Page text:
After a Dayton Daily News investigation into Ohio State University President E. Gordon Gee’s travel expenses, the university notified the Ohio Ethics Commission that Gee’s annual financial disclosure statements left out some of the expenditures.
The notice triggered a confidential review by the Ethics Commission and a decision Thursday that the omissions were inadvertent rather than intentional. Gee was given permission to add to his statements from 2007 to 2011.
Since Gee’s return to Ohio State in the fall of 2007, the university has footed the tab for $1,018,444 in travel costs for Gee, including $409,476 last year alone. The figure is roughly 20 percent higher than initially reported by Gee.
State ethics law also doesn’t require the university to disclose travel if OSU pays dues to the organization hosting the conference or event. It is unclear whether the new figure includes travel associated with those organizations.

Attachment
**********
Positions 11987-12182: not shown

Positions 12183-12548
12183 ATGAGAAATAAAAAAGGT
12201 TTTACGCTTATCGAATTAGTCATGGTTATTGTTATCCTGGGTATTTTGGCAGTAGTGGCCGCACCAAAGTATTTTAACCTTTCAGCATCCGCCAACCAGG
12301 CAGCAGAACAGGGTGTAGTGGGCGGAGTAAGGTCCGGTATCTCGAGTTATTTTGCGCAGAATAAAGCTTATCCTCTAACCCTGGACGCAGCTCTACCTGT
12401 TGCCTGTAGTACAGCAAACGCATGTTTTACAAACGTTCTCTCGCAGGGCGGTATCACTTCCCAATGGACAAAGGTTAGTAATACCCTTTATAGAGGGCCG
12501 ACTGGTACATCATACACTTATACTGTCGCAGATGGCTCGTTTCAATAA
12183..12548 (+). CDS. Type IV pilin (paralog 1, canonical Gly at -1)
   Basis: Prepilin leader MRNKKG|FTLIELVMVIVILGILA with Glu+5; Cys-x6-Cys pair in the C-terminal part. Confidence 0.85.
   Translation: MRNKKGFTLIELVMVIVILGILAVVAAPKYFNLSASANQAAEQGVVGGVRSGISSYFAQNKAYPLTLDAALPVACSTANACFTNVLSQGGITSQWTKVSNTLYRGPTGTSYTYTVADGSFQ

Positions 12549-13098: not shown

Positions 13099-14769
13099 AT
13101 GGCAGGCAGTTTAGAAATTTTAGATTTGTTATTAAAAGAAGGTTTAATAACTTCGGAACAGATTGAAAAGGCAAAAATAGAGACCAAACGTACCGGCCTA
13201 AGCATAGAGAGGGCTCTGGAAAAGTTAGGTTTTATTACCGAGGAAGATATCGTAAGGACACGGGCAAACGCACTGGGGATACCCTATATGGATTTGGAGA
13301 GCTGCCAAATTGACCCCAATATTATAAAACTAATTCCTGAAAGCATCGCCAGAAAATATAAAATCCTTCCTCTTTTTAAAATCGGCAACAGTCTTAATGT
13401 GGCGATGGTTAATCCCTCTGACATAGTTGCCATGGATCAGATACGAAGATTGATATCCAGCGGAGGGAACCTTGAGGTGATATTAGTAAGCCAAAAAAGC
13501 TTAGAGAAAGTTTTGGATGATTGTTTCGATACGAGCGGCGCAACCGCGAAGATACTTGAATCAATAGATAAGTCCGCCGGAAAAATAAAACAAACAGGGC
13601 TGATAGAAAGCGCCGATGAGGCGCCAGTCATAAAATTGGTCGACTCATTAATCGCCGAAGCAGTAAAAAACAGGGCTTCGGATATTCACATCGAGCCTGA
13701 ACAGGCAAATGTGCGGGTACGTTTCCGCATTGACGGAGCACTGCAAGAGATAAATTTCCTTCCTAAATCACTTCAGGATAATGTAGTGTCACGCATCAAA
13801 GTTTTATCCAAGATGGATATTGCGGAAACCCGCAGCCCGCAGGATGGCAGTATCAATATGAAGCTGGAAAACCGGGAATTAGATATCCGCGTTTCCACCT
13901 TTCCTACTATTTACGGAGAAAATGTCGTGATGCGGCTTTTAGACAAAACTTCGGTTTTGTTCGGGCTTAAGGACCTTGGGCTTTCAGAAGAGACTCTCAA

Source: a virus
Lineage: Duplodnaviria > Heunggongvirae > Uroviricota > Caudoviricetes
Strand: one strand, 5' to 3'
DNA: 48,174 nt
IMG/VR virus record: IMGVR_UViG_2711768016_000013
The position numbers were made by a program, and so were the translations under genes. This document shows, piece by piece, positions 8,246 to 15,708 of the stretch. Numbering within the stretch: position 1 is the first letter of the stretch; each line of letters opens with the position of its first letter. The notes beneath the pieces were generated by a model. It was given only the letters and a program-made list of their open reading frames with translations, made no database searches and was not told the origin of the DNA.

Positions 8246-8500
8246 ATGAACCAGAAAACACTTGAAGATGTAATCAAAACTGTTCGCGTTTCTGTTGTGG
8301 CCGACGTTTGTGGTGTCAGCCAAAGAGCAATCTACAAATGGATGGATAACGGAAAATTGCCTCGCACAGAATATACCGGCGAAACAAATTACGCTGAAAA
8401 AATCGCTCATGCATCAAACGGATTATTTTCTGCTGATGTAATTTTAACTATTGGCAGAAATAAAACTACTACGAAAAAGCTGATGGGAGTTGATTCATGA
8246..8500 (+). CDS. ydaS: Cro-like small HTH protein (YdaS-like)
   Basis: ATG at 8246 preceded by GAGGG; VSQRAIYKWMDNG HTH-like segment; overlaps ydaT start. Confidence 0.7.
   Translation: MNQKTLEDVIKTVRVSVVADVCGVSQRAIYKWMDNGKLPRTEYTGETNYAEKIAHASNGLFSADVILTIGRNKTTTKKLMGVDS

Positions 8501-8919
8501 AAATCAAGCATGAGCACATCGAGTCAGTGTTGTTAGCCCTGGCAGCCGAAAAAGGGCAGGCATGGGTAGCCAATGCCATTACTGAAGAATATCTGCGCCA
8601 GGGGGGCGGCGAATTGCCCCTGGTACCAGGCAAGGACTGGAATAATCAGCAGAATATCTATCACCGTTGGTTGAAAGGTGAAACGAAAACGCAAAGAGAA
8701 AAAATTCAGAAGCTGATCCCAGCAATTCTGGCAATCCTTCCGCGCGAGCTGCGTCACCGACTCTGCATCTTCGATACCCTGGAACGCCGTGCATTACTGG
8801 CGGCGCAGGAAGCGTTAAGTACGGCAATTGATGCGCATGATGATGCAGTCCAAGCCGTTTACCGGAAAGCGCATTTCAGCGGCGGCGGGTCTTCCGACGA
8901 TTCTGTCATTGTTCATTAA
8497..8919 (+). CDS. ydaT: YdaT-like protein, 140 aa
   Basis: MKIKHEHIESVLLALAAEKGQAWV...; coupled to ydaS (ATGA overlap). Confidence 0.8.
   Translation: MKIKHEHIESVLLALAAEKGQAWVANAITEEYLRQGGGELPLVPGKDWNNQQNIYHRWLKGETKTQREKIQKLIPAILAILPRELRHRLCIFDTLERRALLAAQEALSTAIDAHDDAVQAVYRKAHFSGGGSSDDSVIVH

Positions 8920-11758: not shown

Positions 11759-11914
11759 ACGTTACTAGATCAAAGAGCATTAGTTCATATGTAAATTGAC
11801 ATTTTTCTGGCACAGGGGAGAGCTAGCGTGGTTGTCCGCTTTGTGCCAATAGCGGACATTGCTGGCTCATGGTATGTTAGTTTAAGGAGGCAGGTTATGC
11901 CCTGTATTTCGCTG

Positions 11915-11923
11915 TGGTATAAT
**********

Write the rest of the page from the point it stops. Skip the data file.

University spokesman Jim Lynch did not return telephone and email messages seeking comment.
Gee said in a letter to the Ethics Commission last month that the omissions brought to his attention led to a full review of the travel expenses and a revamping of the university’s internal processes for tracking expenditures and travel costs within the president’s office.
Gee’s travel expenses in the last two years included two trips to China and two other international trips to Iceland, Turkey, France and the United Kingdom. Additionally, King Abdulaziz University in Saudi Arabia spent $36,095 on two trips for Gee. Gee sits on the university’s international board of advisers.
Gee’s contract with the OSU Board of Trustees calls for first-class domestic flights, business class international flights and access to corporate jet travel through NetJets.
Ohio State pays $22,500 per month for an ownership share in NetJets and a fixed rental rate of $7,941 per month, plus $1,950 per flight hour. The university contracts for 150 flight hours per year, with up to 100 of those hours earmarked for Gee’s use. The contract allows for the use of Cessna Citation Excel jets, which carry between seven and 10 passengers.
At Ohio State Gee oversees an enterprise with a $5 billion budget, 65,000 students and 48,000 employees. Although the university has many funding sources, state taxpayers contributed more than $421 million to Ohio State during the 2011 fiscal year.